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Good afternoon sweet readers! Yikes, what a snow. It’s a good day for dogs and kids. But fathers of newborns who had to spend the night in powerless homes are not so happy. News time:
Snow Grade: LL’s not really interested in the logistics of snow removal, but is interested in the politics of snow removal. And there ain’t nothing like a big snow storm to cause people to start freaking out and give up faith in their government. How could you blame them after spending 13 hours stuck in a car during what’s being dubbed the “commute from hell?” But it’s also a bit insane to start blaming the government for not being able to plow roads when there the snow came so fast and so heavy, in the middle of rush hour, and there were so many cars stuck on the streets. In the big middle of this mess we find new Mayor Vince Gray, who has the fun role of being the target of everyone’s displeasure (and who also lost power in his own home). So what grade should he get on his first big test? A+, says Council Chairman Kwame Brown. Others on Twitter were less kind. LL’s guessing it’ll be a couple more days before we get a clear idea of what perceptions of the city’s snow response under its new mayor solidified in the minds of voters. See commute and weather stories here, here, here, here, here, and here. Also, Newark Mayor Cory Booker appears grateful that so many District residents want him to move down here and start shoveling the city’s snow away.
AFTER THE JUMP: The Other Team Thomas, Rhee Reversed, Forwarded; Orange Futures…
The Other Team Thomas: It’s Thursday, so a new edition of City Paper has been released into the snowy wilds. In this week’s edition, LL takes a look at another side of Ward 5 Councilmember Harry Thomas Jr.‘s “Team Thomas.” This side includes a for-profit company that won nearly $225,000 in city contracts for baseball-related services and supplies, and offered $350 lessons on improving one’s baseball and softball swings. When it wasn’t doing baseball training, the for-profit Team Thomas was also providing a wide variety of campaign services for Thomas’ political campaigns. And it also did some of this work without a proper business license. Also in this week’s @WCP, Housing Complex’s LDP talks to the businesses on H Street, and looks at the strange sort of boom some of them have experienced. One hair salon owner’s take on streetcars: “I just look at it as a way for people to get as drunk as they want to, so they don’t get a DUI.”
Rolling Back Rhee; Rolling Rhee Forward: There are two stories about former Schools Chancellor Michelle Rhee in today’s roundup. One is interim Chancellor Kaya Henderson‘s decision to reverse one of Rhee’s “most bitterly disputed decisions” when she removed a popular principal at Hardy Middle School and replaced him with Dana Nerenberg, who split her time at another school, the Post‘s Bill Turque reports. Nerenberg will go back to her old school, after months and months of long and loud complaints from upset Hardy parents (and some prodding from elected officials.) “The move also represents the second high-profile Rhee initiative that Henderson has reversed in her three months on the job. In December, she ousted the private management firm hired by Rhee to turn around low-performing Dunbar High School,” Turque notes. The second Rhee story is the City Paper cover story LL’s editors have been after him to write that somehow wound up in Politico being written by two dudes who aren’t LL. Ben Smith and Byron Tau write that Rhee has emerged from Fenty’s defeat as “national political force to be reckoned with.” “Now Rhee is in the process of shifting from political naif to full-fledged power broker. She has created an emphatically political new organization, StudentsFirst, and she told POLITICO she hopes to raise and spend an astonishing $200 million annually—a large sum, even in the deep-pocketed world of education philanthropists … But for now, Rhee has just a skeleton staff of about half a dozen, a sterling reputation among America’s policy elites and big plans.” Politico goes on to note how Rhee’s become the darling of many top Republicans, which Democrat Rhee says she finds “a little odd.”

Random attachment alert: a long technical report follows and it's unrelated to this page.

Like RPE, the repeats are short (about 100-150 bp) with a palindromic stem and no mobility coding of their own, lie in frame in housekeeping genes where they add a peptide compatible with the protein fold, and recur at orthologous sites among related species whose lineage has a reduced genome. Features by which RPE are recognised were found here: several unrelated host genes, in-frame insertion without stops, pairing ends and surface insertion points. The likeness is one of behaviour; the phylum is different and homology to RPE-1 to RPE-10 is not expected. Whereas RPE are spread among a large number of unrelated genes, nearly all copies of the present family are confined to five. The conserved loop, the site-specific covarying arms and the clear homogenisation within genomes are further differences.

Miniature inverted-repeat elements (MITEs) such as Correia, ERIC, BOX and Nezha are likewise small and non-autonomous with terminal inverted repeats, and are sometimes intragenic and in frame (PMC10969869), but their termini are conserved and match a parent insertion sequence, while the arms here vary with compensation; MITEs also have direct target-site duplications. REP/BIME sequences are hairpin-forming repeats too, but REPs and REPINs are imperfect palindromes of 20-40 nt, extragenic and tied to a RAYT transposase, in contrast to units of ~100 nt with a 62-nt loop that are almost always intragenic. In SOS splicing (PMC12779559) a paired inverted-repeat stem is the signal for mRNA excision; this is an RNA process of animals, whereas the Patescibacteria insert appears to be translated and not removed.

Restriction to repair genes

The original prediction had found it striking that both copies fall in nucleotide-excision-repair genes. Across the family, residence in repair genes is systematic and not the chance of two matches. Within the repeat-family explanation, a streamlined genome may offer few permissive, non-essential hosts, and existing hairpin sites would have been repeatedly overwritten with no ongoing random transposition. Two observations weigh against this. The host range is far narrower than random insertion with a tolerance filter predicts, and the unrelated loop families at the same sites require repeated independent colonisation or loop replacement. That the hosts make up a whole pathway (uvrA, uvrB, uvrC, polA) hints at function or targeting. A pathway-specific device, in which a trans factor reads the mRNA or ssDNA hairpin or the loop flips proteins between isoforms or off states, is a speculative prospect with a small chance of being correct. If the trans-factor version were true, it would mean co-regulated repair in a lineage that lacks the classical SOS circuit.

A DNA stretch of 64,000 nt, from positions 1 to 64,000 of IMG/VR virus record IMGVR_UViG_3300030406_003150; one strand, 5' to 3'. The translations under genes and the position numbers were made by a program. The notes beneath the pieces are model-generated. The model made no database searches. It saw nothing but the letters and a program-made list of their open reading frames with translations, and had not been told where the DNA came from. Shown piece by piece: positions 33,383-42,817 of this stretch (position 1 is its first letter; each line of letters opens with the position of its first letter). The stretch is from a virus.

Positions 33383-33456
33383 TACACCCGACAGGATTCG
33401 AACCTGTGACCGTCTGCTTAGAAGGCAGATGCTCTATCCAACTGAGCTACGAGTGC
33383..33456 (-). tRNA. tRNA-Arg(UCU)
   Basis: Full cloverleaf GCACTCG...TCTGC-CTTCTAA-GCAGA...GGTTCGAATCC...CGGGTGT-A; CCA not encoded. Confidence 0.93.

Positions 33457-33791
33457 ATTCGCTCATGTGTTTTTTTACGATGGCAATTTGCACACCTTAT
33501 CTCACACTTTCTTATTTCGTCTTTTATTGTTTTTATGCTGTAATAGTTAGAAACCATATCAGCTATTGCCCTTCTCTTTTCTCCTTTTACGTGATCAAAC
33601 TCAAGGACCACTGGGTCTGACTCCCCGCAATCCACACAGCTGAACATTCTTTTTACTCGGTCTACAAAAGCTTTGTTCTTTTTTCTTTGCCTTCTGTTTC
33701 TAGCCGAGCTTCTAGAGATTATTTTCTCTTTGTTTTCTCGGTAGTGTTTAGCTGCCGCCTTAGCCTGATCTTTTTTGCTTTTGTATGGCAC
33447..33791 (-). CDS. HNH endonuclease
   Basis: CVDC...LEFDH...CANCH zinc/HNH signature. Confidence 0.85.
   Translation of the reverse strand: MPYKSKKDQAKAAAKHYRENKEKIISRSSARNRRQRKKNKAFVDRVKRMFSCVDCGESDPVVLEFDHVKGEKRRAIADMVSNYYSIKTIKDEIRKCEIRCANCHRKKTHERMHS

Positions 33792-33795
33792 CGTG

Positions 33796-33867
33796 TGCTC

Gray Tweaking Medical Marijuana: The Examiner‘s Freeman Klopott reports that Gray “is reviewing the policies that will govern the District’s medical marijuana program and is being pushed to make changes that could help improve the program’s reception on Capitol Hill.” At issue, whether the Alcoholic Beverage Control Board should regulate dispensaries or the health department should. Says a lobbyist for the Maraijuana Policy Project: “the patients I’ve spoken to … don’t care which agency does it.”
Orange Express: Examiner blogger John Vaught LaBeaume takes a look at at-large candidate Vincent Orange‘s political past and possible future. “A flame out on special election day could finally send Orange back to gadfly status for good, and risk his perch in the D.C. Democratic party that he nearly leveraged to gain the appointment,” LaBeaume
House Speaker John Boehner and Sen. Joe Lieberman unveiled their school voucher bill yesterday.The Post‘s Ben Pershing says it’s the “clearest sign yet that the ground has shifted on Capitol Hill for District issues.”
Gray ordering city contracts over $1 million to be sent for council approval. Would probably look like a big hypocrite if he didn’t.
At-Large Councilmember and candidate Sekou Biddle answered some questions in a livechat at Greater Greater Washington yesterday.
Lobbyists for big companies are fighting hard for the council to ignore CFO Nat Gandhi’s advice and follow through with their combined reporting legislation. DCFPI says the council would be “crazy” to do so.
Women: smart enough to stay away from District politics.